Why Stephen King Defends The Mist's 'Terrific' Yet Divisive Ending

Writer and director Frank Darabont is known for his celebrated adaptations of Stephen King's "The Shawshank Redemption" and "The Green Mile," but his film version of King's novella "The Mist" has one of the most harrowing and divisive endings in contemporary horror cinema. "The Mist" follows the tough everyman David Drayton and his young son Billy when they go to a supermarket after a severe thunderstorm in the lakeside town of Bridgton, Maine. They become trapped in the store by a strange, overpowering mist that hides deadly monsters.

The singular setting of the grocery store serves as a microcosm for society, particularly how conflicting groups of people — level-headed seekers of justice, hot-tempered aggressors, or holy rollers — instill fears in others or try to work together. "The Mist" is a searing portrayal of humanity's capacity to unite as a team or tear each other apart.

If anything, "The Mist" holds even more resonance today as the gulf between political spectrums and world viewpoints widen amidst the pandemic. The whole thing culminates in perhaps the film's scariest scene – its gut-wrenching and hotly-debated ending, which vastly differs from that for King's novella.

The difference between the endings

Stephen King ends "The Mist" with David Drayton possibly hearing civilization on the radio and telling his son the words: "One of them is Hartford, the other is hope." King told Yahoo! Entertainment in 2017 how he felt about Frank Darabont's own radical and depressing vision for the denouement:

"When Frank was interested in 'The Mist,' one of the things that he insisted on was that it would have some kind of an ending, which the story doesn't have — it just sort of peters off into nothing, where these people are stuck in the mist, and they're out of gas, and the monsters are around, and you don't know what's going to happen next. When Frank said that he wanted to do the ending that he was going to do, I was totally down with that."

In the film, Drayton, his son, and other friends escape the supermarket and drive into the ominous mist until they run out of gas. Rather than fight the veiled monsters, they make the despairing decision to end their lives. The only problem is they do not have enough bullets for everyone in the car.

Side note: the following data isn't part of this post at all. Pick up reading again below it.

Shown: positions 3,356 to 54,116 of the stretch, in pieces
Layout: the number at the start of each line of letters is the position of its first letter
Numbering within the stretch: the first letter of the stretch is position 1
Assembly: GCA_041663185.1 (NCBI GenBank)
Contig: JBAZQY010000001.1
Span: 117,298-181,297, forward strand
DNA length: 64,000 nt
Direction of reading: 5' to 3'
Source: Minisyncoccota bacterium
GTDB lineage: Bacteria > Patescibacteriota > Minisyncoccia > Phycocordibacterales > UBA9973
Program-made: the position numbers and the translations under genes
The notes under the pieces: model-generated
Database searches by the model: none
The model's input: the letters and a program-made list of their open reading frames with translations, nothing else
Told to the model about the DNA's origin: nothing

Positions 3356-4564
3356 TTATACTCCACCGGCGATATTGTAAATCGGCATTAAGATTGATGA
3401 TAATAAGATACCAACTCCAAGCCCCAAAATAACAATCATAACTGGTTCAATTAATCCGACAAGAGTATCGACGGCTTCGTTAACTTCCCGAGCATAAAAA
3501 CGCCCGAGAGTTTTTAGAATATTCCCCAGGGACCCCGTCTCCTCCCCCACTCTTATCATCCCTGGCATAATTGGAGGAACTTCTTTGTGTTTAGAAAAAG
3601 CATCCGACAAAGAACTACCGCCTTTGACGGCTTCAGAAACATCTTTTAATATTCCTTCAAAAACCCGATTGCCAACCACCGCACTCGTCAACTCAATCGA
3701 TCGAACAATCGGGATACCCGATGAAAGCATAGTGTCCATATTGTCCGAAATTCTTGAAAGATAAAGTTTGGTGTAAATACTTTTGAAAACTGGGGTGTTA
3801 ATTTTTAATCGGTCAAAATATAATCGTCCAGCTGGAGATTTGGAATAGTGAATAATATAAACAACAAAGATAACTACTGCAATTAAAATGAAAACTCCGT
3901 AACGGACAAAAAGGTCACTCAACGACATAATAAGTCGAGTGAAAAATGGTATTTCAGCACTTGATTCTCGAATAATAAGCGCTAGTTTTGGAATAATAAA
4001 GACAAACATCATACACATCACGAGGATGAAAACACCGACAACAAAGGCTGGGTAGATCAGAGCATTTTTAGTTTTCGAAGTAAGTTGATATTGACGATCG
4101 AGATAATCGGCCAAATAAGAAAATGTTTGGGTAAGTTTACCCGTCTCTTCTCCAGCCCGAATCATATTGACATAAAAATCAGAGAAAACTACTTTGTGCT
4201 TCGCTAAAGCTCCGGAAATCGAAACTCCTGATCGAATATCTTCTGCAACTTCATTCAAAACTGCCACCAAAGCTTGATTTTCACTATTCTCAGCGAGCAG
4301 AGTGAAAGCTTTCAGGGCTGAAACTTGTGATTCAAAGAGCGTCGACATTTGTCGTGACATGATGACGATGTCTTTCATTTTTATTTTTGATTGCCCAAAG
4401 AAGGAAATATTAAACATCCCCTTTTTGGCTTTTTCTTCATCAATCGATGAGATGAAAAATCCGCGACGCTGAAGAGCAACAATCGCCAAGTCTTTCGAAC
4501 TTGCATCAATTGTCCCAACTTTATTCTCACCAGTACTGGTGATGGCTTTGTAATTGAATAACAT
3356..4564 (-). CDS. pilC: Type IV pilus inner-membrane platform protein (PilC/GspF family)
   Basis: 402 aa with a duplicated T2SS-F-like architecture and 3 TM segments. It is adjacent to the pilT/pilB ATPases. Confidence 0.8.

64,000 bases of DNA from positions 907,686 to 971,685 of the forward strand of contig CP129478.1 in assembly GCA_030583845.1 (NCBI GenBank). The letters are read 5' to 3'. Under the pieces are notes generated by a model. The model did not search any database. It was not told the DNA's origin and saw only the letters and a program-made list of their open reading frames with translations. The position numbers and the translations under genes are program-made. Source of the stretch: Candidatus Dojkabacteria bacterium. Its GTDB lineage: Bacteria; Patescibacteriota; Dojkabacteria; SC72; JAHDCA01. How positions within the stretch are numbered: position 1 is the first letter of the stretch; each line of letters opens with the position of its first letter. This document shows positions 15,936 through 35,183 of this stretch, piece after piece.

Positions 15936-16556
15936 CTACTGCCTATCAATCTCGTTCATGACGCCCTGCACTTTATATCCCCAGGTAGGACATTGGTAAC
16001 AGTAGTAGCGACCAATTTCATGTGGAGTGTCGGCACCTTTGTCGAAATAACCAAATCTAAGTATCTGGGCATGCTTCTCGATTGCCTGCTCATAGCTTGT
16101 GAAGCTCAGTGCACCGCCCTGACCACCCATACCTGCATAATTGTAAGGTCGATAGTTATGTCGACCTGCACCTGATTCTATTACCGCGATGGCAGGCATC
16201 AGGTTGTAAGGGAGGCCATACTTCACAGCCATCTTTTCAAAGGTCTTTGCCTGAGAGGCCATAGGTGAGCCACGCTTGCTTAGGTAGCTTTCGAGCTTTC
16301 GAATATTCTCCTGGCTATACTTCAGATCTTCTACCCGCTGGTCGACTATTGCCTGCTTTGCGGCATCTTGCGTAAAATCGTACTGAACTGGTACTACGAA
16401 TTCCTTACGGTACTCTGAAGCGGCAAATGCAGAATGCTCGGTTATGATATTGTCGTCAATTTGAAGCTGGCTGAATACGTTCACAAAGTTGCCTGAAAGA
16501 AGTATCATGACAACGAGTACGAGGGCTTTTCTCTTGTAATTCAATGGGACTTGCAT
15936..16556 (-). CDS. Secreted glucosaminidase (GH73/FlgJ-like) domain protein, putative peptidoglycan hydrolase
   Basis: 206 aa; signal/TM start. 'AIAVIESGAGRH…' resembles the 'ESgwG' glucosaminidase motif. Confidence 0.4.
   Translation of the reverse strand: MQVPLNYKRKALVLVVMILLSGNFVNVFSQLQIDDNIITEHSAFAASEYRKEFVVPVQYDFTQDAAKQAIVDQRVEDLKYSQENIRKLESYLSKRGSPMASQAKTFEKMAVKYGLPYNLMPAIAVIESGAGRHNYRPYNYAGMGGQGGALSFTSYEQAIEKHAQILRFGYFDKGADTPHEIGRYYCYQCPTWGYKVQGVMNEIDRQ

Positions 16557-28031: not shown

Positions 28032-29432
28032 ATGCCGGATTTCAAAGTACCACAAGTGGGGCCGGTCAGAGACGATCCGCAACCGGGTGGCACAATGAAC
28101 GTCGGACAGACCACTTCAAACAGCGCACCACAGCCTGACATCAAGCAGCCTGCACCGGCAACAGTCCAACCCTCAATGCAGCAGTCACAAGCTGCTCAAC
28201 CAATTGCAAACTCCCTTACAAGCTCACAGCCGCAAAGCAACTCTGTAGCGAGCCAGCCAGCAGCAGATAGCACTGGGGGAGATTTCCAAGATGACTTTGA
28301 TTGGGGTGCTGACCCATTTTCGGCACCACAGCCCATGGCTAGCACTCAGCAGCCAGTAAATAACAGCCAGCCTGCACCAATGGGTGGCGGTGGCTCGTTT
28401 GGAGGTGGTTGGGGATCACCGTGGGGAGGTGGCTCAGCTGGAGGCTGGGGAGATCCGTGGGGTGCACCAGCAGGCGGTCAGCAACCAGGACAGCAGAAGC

Darabont's camera travels across their somber faces in tense close-ups while they accept their grave choice. Next, he cuts to a wide shot of the car in the middle of the mist as the shots bang out in quick succession. When he returns to the inside of the car, the sight of the bloodied, dead bodies behind the traumatized Drayton is absolutely chilling. Then, in a cruel twist of fate, Drayton emerges from the car to find the mist clearing and military tanks coming to the rescue.

An anti-Hollywood ending

Stephen King defended the film's grim ending as "terrific" because it was "so anti-Hollywood — anti-everything, really! It was nihilistic. I liked that." In the oral history of the "The Mist" for /Film, Frank Darabont recalls his hesitation to change King's original ending. He wanted to make sure the author approved of the new direction he was taking his story:

"I put it in his hands. And he wrote back and he said, 'I read it. I love your ending. I'm sorry I didn't think of it, because I would've written that instead.' [...] [H]e said, 'We need movies that dare to piss people off.'"

Darabont's ending whallops the audience with a greater punch than King originally envisioned. It is a daring subversion of Hollywood expectations because the hero makes the wrong choice and ultimately fails. Most films, even in the horror or apocalypse genres, offer the audience somewhat of an uplifting conclusion. Darabont's bleak ending is more memorable because, as he says, "It's not tied up in a nice bow and there's just this reassuring happy Hallmark bumper sticker thing."

The legacy of the ending

Stephen King may have loved Frank Darabont's changes, but initially audiences did not react the same way. In his interview with Yahoo! Entertainment, King recalled how "[T]he critics and fans both kind of excoriated him. [...] And now, when you read retrospective pieces about 'The Mist,' people are, 'Wow, that's one of the great ones.' They like it. They just had to get used to it." Critics in 2007 described "The Mist" as "endless torture and [a series of] inhumanly cruel jokes" (via NJ.com) and "twisted to cynical and dispiriting ends" (via Newsday).

Part of the divisive reception was due to the film's ill-timed Thanksgiving weekend release, when "everybody has a great feast and then, as a family, goes to the movies. [...] People want to go see 'Elf.' They want to see Christmas movies. They don't want to see flesh-eating tentacles and this hopeless, despair-filled movie," Darabont argues in /Film's oral history.

Darabont wanted the ending to "The Mist" to be as brutal as those for horror classics like "Night of the Living Dead" (where the hero is mistaken for a zombie and killed) or the ending of "The Thing" (where the characters resign to their fate of freezing to death, with the monster possibly still inside one of them). Yet, at the same time, /Film writer Joshua Meyer shrewdly points out in his dissection of the scariest Stephen King scenes that the dismal conclusion of "The Mist" is "almost life-affirming" because it implores audiences to never give up. /Film writer Jeremy Smith also elaborates on the the importance of hope in "The Mist." Through Drayton's fatal error, viewers learn they should never succumb to panic and hysteria, even when their destiny is uncertain and everything seems doomed.